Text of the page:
Cambridge Mafia

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The "Cambridge Mafia" is a pejorative term denoting a group of British Conservative Party politicians, front-rank members of their party during the 1980s and 1990s, who attended the University of Cambridge at roughly the same time in the early 1960s. Many of them served as Chairman of the Cambridge University Conservative Association, or President of the Cambridge Union Society, and several of them held both offices. Apart from Leon Brittan, none of them attained great academic distinction at university. The group's contemporaries at Cambridge included satirist and journalist David Frost and comedian Peter Cook (both of whom were active in Footlights at the time), Canadian Supreme Court justice Ian Binnie, historian Angus Calder and Liberal Democrat politician Vince Cable.

The period of prominence of the "Mafia" was something of an aberration for the Conservative Party, which traditionally has closer links to Oxford than Cambridge. Between 1955 and 1990 the party had been led by five consecutive Oxford graduates (Anthony Eden, Harold Macmillan, Alec Douglas-Home, Edward Heath and Margaret Thatcher). In turn, the "Mafia" has been succeeded by a newer generation of Conservative politicians, again led by Oxford graduates (notably David Cameron, William Hague, George Osborne, Philip Hammond, Theresa May, and Boris Johnson).

The "Mafia" were of relatively modest social background: Norman Fowler, Michael Howard and Kenneth Clarke had attended grammar school rather than fee-paying schools. In his memoirs, Fowler records that during his National Service, although he became a commissioned officer, it was in an ordinary county regiment (in his case, the Essex Regiment) rather than the fashionable Guards or cavalry regiments favoured by young men from elite social backgrounds. (Most members of the "Cambridge Mafia" just missed having to serve, because National Service was abolished in 1960.)

They included:[1]

Name Cambridge Political career
(in Government ; in Opposition ; CONSERVATIVE PARTY POSITION)
Grad. Offices Chancellor Foreign Sec. Home Sec. Other
Norman Fowler
(Lord Fowler of Sutton Coldfield, 2001)
Trinity Hall
(Economics and Law)
1961 CUCA Chairman Mich. 1960 1998–99 Minister/Sec.S. for Transport 1979–81
Sec.S. for Social Services 1981–87
Sec.S. for Employment 1987–90
Shadow Sec.S. for the Environment, Transport and the Regions 1997-98
Shadow Home Sec. 1998-99
Michael Howard
(Lord Howard of Lympne, 2010)
(Economics and Law)
1962 Union President Easter 1962 2001–03 1997–99 1993–97 Sec.S. for Employment 1990–92
Sec.S. for the Environment 1992–93
Home Sec. 1993–97
Shadow Foreign Sec. 1997–99
Shadow Chancellor of the Exchequer 2001–03
John Gummer
(Lord Deben, 2010)
1962 CUCA Chairman Easter 1961
Union President Lent 1962
Minister of Agriculture, Fisheries and Food 1989–93
Sec.S. for the Environment 1993–97
Sec.S. for the Environment, Transport and the Regions 1997
Kenneth Clarke Gonville & Caius
1964 CUCA Chairman Mich. 1961
Union President Easter 1963
1993–97 1992–93 Paymaster General 1985–87
Chancellor of the Duchy of Lancaster 1987–88
Sec.S. for Health 1988–90
Sec.S. for Education & Science 1990–92
Home Sec. 1992–93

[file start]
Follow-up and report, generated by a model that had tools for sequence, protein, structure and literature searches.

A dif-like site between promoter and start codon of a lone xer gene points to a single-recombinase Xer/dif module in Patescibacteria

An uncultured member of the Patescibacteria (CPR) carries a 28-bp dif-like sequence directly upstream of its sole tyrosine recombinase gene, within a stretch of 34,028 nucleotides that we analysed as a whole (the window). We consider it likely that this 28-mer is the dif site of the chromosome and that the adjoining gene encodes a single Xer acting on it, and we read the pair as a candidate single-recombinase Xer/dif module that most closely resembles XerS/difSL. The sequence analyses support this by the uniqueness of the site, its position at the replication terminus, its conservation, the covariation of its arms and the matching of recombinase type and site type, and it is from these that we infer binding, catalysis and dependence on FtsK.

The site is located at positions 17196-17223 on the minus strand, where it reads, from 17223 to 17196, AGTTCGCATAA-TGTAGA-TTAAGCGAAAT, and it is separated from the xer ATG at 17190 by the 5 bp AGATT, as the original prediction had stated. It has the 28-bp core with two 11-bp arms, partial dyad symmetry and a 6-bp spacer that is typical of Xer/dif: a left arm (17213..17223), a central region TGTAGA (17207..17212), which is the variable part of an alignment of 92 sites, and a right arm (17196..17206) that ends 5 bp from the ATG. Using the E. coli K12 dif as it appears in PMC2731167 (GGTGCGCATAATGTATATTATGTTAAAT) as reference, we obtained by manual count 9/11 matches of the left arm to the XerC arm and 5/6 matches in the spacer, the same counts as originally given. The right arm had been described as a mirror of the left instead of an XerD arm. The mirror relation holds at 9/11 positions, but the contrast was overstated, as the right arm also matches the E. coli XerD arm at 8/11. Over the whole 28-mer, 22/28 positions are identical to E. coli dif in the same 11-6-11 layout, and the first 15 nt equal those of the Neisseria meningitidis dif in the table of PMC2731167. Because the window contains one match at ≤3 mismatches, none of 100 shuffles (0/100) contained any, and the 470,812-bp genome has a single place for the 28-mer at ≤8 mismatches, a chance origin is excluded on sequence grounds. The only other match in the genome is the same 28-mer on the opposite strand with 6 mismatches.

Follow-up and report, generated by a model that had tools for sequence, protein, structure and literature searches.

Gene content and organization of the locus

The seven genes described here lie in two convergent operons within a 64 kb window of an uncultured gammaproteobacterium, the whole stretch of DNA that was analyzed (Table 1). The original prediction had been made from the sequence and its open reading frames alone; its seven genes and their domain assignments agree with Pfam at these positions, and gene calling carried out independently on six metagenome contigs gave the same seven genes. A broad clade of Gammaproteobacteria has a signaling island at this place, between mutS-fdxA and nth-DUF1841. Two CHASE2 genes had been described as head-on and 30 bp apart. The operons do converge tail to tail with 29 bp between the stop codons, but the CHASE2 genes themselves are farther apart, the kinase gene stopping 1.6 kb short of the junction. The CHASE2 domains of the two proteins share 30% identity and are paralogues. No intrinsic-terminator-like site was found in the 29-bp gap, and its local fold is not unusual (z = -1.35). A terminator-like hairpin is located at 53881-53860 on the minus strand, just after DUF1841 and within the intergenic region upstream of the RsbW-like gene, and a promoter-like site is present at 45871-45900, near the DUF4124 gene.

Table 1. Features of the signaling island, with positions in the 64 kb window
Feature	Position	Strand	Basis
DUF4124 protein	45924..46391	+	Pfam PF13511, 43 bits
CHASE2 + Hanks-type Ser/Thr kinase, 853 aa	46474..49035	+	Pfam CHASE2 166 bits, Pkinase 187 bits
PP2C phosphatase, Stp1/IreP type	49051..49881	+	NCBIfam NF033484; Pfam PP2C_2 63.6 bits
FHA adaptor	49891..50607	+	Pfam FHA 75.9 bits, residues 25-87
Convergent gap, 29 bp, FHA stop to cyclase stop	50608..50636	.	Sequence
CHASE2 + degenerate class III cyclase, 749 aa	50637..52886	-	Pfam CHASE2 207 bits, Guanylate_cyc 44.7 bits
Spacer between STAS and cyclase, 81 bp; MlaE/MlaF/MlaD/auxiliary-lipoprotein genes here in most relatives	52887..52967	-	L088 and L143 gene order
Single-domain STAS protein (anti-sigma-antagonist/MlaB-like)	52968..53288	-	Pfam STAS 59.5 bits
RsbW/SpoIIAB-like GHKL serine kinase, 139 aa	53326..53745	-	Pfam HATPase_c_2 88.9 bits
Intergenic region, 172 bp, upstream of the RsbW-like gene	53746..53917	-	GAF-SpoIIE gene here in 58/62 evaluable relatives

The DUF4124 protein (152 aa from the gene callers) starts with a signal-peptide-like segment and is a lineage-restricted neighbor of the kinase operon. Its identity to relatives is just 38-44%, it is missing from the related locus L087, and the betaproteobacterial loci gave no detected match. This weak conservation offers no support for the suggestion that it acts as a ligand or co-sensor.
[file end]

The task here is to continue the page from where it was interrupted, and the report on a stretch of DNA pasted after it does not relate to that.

Chancellor of the Exchequer 1993–97
Shadow Sec.S. for Business 2009–10
Sec.S. for Justice & Lord Chancellor 2010–12
Minister without Portfolio 2012–2014
Leon Brittan
(Lord Brittan of Spennithorne, 2000)
(English and Law)
1961 Union President Mich. 1960 1983–85 Chief Sec. to the Treasury 1981–83
Sec.S. for the Home Department 1983–85
Sec.S. for Trade & Industry 1985–86
European Commissioner 1989–99
Norman Lamont
(Lord Lamont of Lerwick, 1998)
1965 CUCA Chairman Easter 1963
Union President Lent 1964
1990–93 Financial Sec. to the Treasury 1986–89
Chief Sec. to the Treasury 1989–90
Chancellor of the Exchequer 1990–93
Peter Lilley Clare
(Economics and Physics)
1965 1997–98 Economic Sec. to the Treasury 1987–89
Financial Sec. to the Treasury 1989–90
Sec.S. for Trade & Industry 1990–92
Sec.S. for Social Security 1992–97
Shadow Chancellor of the Exchequer 1997–98

A famous photograph, reproduced in a number of biographies of Clarke and Howard, shows Brittan and Gummer as ushers at Clarke's wedding shortly after his graduation, with Fowler, Howard and Lamont also present.[1]

It should not be assumed that these men all operated as a cohesive unit throughout their careers. Brittan and Fowler—who were slightly older—were Cabinet Ministers in the 1980s, earlier than the others. Howard entered Parliament in 1983, much later than his contemporaries, having first had a successful career as a barrister. In the early part of 1993 Clarke and Howard (both of whom angled publicly for the job—it was given to Clarke) both pushed for the removal of Lamont as Chancellor of the Exchequer. Clarke and Howard were rivals for the party leadership in 1997, and almost again in 2003—although in the event Clarke did not stand, and Howard was elected unopposed. (Howard had not been a candidate in the 2001 contest, in which Iain Duncan Smith had defeated Clarke.)

Howard was the only member of the group to become party leader, and none became Prime Minister. By the time the Conservatives returned to government in 2010, Clarke and Lilley were the only members of the group who remained in the House of Commons; Clarke was appointed Secretary of State for Justice and Lord Chancellor.


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